How the Top 1 Percent Capture Our Regulators... and the American Dream

[Commentary] In describing the intense lobbying efforts by Comcast last year to close its merger with NBC Universal, legal scholar Susan Crawford put it this way to the New York Times: "It's about as subtle as a wet fish in the face." That makes last week's announcement by Federal Communications Commissioner Meredith Attwell Baker the proverbial Mack truck.

Baker is resigning to take a top lobbying position at ...NBC Universal in Washington, just months after she voted to approve the deal. As the Times noted last week, "Only one F.C.C. commissioner, Michael J. Copps, who voted against the Comcast-NBC merger, expressed surprise at her departure." And herein lies the scandal. No one is surprised. James Fallows in the Atlantic attacked this issue late last year, after Budget Director Peter Orzsag, who helped shape the stimulus plan, announced he would be taking an executive job with Citigroup, a beneficiary of taxpayer bailout dollars. There's been no allegation of personal corruption against Orzsag or Baker, who came out swinging in a statement Friday. She insisted she went above and beyond in following all the ethics rules while getting the NBC Universal job and will adhere to formal lobbying restrictions after taking the job. But Janine argues that there is a dizzying array of informal, unregistered lobbying that flies under any existing disclosure rules.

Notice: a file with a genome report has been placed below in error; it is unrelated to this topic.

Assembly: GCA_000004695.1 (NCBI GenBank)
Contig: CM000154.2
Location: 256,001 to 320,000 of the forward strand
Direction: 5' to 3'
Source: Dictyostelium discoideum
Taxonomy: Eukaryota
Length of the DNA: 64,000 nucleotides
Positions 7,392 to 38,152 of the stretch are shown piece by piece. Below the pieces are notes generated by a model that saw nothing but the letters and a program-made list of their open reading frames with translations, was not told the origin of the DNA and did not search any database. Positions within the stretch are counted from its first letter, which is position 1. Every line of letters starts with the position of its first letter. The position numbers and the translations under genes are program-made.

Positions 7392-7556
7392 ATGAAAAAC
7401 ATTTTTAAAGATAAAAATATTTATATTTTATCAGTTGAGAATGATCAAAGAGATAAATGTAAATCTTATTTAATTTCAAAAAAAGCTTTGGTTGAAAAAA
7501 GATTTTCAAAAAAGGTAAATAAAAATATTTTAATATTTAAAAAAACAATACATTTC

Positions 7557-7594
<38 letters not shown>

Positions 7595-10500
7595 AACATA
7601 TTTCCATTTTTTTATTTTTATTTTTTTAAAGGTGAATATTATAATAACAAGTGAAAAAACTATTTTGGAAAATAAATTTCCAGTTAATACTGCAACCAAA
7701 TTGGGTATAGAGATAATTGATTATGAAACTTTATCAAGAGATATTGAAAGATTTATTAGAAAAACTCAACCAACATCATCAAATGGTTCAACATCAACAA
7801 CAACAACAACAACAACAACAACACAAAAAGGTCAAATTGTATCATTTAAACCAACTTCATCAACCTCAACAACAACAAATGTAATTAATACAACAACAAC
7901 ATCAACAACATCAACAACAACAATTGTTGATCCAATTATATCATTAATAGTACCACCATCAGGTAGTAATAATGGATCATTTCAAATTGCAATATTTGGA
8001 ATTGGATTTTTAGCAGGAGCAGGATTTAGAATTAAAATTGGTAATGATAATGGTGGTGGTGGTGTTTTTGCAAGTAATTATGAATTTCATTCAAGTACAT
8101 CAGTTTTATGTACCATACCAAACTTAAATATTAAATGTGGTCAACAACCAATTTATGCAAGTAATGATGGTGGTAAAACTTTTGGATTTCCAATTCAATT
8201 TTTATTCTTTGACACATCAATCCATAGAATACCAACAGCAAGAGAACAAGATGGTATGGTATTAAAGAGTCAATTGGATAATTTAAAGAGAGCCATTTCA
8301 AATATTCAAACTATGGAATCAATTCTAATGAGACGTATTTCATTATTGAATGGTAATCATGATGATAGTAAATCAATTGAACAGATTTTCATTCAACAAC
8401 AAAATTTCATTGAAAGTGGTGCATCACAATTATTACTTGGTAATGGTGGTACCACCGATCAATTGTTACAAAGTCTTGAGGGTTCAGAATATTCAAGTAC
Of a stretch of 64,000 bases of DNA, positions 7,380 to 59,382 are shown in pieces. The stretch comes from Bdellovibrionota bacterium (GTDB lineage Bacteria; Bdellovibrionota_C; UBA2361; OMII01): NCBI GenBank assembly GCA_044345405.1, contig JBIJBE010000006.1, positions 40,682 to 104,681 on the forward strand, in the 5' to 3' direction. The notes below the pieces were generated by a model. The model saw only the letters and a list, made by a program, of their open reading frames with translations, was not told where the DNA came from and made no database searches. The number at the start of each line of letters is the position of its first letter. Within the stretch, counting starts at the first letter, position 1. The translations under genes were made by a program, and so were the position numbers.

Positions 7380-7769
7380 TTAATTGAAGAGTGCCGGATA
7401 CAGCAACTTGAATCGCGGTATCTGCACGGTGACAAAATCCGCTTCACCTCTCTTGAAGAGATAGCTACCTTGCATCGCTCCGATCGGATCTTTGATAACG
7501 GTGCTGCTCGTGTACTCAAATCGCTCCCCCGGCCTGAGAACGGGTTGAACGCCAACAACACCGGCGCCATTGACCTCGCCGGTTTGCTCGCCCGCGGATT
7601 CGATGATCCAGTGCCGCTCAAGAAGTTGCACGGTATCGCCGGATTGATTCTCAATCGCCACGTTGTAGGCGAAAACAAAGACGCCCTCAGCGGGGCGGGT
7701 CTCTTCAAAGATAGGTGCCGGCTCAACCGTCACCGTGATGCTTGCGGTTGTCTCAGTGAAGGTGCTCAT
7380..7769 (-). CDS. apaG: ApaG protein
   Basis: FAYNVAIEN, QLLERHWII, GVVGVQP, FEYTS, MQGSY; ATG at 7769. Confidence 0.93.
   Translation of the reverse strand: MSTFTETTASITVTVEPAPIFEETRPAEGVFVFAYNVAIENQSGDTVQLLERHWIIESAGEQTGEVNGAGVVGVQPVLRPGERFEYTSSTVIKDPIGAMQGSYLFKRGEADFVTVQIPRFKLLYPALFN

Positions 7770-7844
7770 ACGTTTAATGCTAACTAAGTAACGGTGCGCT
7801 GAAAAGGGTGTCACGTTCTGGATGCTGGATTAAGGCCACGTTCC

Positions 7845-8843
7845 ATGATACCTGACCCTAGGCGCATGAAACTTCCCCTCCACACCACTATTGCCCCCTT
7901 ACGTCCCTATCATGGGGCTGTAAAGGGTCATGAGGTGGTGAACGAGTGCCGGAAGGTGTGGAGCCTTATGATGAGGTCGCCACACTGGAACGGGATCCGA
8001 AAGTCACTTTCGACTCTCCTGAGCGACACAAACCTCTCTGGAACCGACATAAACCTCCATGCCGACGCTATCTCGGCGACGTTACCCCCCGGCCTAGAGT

How the Top 1 Percent Capture Our Regulators... and the American Dream